But the longer Johnny lived in Ginopeia the more the details faded. A fair amount of invention took place to retain them. Johnny assured himself he only changed little things like angles, glances, and colors. The emotions didn’t require re-mastering but a creeping bitterness at his severance with the setting of these memories infiltrated even the strongest of their emotions. Contrary to his parents, who had won the lottery in Outer Sector II-A to live in the newer housing developments on the outskirts of Ginopeia, Johnny had come to the conclusion that life wasn’t lived as it was supposed to in this new territory.

Good.  I assume this is the beginning of a long story story.  You’ve introduced a lot of interesting ideas.  This last sentence is great for keeping reader wondering what is next.

 

You write well and have a lot of good ideas.  Now think about what you write, the purpose for your story, and then structure your story the way you do a paragraph—a topic sentence, supporting ideas, a conclusion or a transition.  In your story, it hard for the reader to follow the relation ships of the ideas on the page.  I’ll summarize:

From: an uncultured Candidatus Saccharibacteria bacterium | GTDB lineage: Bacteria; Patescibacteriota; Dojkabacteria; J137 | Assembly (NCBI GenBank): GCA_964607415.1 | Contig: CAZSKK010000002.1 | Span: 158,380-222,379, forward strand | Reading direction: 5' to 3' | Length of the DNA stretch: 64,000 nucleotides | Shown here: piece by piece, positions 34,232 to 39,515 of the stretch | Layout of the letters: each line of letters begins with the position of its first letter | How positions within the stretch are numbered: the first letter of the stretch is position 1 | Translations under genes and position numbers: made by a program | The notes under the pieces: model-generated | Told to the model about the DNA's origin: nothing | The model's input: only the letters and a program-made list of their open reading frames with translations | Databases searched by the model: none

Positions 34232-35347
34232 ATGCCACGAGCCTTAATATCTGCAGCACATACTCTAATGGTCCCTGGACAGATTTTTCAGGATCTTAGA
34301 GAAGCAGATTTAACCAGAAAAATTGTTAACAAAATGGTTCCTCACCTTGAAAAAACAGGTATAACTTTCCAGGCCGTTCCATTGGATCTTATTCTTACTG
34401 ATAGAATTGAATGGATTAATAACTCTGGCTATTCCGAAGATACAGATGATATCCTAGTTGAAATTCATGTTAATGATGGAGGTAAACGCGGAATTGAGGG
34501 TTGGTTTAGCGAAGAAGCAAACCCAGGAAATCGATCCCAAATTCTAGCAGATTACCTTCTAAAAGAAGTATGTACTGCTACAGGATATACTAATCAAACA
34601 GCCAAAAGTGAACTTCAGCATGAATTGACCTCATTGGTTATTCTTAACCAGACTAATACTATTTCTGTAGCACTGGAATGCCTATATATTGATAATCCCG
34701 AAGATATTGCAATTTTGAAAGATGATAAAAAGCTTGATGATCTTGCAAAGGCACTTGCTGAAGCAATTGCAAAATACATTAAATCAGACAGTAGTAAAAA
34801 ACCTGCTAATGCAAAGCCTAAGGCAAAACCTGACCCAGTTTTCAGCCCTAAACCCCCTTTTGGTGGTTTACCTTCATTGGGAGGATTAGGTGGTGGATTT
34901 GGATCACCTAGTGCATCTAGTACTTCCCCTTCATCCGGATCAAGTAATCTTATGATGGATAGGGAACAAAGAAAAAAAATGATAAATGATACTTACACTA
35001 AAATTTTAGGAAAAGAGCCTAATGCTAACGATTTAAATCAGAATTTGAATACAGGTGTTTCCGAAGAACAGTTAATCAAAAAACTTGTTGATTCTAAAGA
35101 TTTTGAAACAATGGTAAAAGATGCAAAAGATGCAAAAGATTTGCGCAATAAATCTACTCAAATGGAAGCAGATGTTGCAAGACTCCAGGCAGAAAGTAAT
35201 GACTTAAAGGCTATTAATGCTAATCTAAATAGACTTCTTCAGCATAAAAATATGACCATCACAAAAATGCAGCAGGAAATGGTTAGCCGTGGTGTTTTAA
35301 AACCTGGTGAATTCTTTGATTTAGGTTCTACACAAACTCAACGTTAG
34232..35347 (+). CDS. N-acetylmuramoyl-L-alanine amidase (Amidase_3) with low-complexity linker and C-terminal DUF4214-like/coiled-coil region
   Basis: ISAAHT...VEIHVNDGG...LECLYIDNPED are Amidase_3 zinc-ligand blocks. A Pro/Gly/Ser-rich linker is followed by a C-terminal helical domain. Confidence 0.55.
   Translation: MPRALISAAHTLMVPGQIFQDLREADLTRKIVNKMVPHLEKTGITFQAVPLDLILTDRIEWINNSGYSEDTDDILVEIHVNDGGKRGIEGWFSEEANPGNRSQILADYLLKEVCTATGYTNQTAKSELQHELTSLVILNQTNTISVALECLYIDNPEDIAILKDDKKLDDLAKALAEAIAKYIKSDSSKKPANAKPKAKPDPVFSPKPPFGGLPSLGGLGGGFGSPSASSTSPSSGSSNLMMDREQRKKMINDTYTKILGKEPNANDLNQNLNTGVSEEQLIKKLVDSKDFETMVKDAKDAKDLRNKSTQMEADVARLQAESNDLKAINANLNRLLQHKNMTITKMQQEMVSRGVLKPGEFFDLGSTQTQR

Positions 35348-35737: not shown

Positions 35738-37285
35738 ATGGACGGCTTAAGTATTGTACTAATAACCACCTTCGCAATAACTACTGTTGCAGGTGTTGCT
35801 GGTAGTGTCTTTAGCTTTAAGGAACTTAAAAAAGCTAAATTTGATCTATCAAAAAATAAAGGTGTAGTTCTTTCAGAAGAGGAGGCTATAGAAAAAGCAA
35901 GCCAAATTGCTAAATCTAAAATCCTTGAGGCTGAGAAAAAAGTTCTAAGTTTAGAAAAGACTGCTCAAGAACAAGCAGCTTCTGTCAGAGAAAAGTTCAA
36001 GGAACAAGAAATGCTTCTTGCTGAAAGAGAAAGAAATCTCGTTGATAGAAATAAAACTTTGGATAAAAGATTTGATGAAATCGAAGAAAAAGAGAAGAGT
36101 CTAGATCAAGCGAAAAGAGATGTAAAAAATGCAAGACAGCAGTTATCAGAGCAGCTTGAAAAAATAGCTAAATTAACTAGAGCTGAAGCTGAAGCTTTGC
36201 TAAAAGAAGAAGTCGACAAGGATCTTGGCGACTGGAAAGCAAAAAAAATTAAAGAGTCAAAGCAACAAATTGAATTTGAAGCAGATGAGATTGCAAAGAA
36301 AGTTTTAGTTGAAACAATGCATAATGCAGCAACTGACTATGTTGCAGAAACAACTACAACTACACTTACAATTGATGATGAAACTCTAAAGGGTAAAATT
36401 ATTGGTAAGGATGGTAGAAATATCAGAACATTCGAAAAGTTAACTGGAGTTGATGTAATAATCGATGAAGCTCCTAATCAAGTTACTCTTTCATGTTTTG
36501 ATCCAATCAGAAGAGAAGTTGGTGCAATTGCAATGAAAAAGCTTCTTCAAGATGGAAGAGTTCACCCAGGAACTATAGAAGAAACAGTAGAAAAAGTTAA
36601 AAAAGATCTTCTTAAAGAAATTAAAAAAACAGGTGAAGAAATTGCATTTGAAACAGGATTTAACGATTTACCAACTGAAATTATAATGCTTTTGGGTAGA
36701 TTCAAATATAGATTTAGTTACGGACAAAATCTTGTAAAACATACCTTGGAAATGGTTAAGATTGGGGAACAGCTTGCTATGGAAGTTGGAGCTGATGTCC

Enter music store.

Imagining parents reactions.

Back story about grounding.

Setting description.

Internal reflection about sound.

Johnny not caring about carbon.

Stomach ailment from pizza.

In vehicle.

On street.

Back story and reflection—Ginopeia

Back story (way back years) mother

Retaining memories, and back story about parents and lottery

 

The idea is that a lot is delivered with almost random disconnection so the impact of what you’re trying to do is weakened.  Do you want to interest reader in Johnny and his parents?  Is this a coming of age story?  Do you want to create a world unfamiliar to the reader, and give opinions about the world?  Do you want to reveal how music can affect people?  Etc.  I would suggest you chose one thing for this short piece and develop.  Once you have purpose established and are building you story around it, be it parental conflict, narrative description of a new world, how Johnny changes in his new environment, you can begin to weave other topics into the major purpose and theme. 

It may be unclear and you probably are satisfied with what’s been done, but I suggest you think about it.  Stories have a beginning, middle, and end, no matter the length.  Conflict provides drama, and every story needs drama.  In scene development in general should be more prominent than narrative.  Keep your prose clear and informative.

All the best in your writing.  And thanks for the submission. 

Leave a Reply

You may use these HTML tags and attributes: <a href="" title=""> <abbr title=""> <acronym title=""> <b> <blockquote cite=""> <cite> <code> <del datetime=""> <em> <i> <q cite=""> <s> <strike> <strong>

© 2018 Literary Fiction Workshop